Management / Industry 4.0 and Automation

Industry 4.0 and Automation

Manufacturing is almost synonymous with grim think-pieces on automation. The manufacturing sector is painted as something done in the developing world, soon to be completely replaced by robots, or even something out of a Charles Dickens novel.

But manufacturing jobs will exist well into the present century and beyond. What’s more, the manufacturing jobs of the 21st-century are more engaging and better paid.

Like every other aspect of the UK workplace, manufacturing is evolving. However, this was just as true in 1700 when the first machine looms were rolled out. Then, as now, critics prognosticated an end to gainful employment. No less a luminary than John Stuart Mill argued in favour of retarding technological progress in the name of “jobs”.

And yet, here we are in the 21st-century. There are as many jobs as ever. Chances are good that you prefer whatever you do for a living to the common jobs of the 19th- or even the 20th-century.

Automation and employment

Make no mistake: the statistics regarding automation and employment are stark. According to a February 2018 McKinsey and Company report, fully 50 per cent of all jobs are, theoretically, automatable. The number jumps an additional 10 per cent when expanded to include jobs that can be partly automated, ie, where at least a third of the tasks can be undertaken by machines.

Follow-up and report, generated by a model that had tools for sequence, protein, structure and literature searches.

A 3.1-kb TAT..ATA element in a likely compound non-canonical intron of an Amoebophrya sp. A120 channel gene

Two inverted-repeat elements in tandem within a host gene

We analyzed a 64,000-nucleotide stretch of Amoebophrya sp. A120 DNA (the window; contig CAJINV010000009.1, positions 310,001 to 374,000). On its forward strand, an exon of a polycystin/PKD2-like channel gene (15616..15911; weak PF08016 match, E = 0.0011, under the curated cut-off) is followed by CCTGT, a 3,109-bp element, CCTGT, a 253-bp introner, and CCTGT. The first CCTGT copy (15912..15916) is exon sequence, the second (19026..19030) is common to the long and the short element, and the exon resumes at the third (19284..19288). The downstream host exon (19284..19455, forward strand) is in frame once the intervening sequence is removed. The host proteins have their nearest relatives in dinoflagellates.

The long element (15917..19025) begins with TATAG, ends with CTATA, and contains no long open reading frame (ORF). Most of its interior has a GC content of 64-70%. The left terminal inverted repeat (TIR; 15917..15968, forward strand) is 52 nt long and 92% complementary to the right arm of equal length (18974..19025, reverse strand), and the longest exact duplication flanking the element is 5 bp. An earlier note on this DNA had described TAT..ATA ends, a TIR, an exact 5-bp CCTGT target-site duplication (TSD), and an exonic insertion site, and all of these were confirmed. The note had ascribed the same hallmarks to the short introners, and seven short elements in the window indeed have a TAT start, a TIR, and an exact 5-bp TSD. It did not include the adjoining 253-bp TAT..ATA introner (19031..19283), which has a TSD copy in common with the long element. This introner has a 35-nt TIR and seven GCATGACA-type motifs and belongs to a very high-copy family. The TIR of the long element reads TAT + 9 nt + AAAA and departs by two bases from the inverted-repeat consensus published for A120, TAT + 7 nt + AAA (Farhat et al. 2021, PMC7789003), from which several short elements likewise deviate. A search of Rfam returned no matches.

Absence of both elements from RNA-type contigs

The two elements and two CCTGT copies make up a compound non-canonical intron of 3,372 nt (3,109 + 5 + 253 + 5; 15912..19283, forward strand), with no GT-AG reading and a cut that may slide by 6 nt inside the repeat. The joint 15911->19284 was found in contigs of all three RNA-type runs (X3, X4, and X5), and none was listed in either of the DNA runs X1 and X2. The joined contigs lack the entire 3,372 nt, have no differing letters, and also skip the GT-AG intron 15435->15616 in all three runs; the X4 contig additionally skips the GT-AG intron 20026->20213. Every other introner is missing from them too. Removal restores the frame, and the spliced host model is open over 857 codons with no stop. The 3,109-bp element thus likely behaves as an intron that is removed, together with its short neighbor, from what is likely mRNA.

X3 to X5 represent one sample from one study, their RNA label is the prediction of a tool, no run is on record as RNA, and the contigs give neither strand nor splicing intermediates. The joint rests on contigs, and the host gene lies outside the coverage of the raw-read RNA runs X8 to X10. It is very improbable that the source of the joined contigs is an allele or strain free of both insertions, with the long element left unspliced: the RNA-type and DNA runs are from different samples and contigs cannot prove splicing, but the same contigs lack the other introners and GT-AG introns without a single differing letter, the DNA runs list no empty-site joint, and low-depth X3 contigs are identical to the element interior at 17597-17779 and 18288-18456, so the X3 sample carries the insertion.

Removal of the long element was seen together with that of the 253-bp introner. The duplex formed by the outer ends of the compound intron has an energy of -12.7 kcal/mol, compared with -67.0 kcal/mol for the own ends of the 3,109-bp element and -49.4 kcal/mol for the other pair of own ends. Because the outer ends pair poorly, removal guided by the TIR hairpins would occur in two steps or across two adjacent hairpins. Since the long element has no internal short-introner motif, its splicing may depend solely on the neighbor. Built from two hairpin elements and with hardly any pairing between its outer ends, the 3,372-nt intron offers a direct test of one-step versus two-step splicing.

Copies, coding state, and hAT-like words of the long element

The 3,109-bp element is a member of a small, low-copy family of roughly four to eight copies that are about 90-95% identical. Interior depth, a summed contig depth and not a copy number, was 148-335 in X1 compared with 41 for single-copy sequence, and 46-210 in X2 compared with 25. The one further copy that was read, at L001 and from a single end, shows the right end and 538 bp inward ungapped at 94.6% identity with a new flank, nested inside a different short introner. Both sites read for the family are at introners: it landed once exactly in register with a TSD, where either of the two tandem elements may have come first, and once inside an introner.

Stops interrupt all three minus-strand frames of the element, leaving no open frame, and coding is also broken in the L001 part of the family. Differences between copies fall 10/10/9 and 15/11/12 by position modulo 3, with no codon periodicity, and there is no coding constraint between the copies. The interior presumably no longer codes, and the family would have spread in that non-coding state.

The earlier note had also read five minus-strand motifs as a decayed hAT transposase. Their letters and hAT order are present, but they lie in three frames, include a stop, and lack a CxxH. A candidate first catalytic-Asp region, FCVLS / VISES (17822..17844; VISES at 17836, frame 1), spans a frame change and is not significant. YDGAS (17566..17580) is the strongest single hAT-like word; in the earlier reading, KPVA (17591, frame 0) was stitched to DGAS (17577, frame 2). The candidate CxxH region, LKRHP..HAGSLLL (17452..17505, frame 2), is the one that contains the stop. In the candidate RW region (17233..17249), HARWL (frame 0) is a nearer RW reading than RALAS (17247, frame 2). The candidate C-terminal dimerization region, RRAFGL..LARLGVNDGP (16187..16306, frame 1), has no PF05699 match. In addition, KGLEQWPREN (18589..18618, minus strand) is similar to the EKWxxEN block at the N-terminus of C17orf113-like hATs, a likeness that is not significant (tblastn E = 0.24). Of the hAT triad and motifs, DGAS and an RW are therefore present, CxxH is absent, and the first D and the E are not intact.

The same report estimates that between 15 and 30 per cent of workers will have their employment disrupted by automation. Between 3 and 14 per cent will have to completely change their occupational category.

But this doesn’t mean a jobs apocalypse. A July 2016 report from McKinsey divided work tasks into seven categories. A striking divide appeared.

Three categories (‘predictable physical work’, ‘data processing’ and ‘data collection’) had more than a 60 per cent chance of automation. The other four (‘unpredictable physical work’, ‘stakeholder interactions’, ‘applying expertise’ and ‘managing others’) all had a 25 per cent or less chance of being automated. In fact, the last three categories were all at 20 per cent or less, with ‘managing others’ standing at under 10 per cent.

These figures highlight the reality rather than the fiction of automation: manufacturing jobs will still exist, not despite automation but because of it. The headline of a 2017 TechCrunch article, summarized this tension succinctly: Technology is killing jobs, and only technology can save them.

The fourth industrial revolution

The trend is for factories to move towards Industry 4.0. The ‘4.0’ refers to what proponents believe is a ‘fourth industrial revolution’. The first is the one you learned about in school: steam power, water power, mechanisation and the like. The second was kicked off by Henry Ford and mass production aided by the assembly line and electricity. The third is the one we’re currently in the midst of: computers and automation.

The fourth industrial revolution is already here, albeit in its infancy. This industrial revolution is embodied by the Industrial Internet of Things (IIoT). Machines are becoming so automated that they can, for example, order their own replacement parts or alert technicians via email of service issues, hundreds of hours before a crisis. Far from economic catastrophe, Accenture predicts the IIoT will add $14.2 trillion to the global economy by 2030.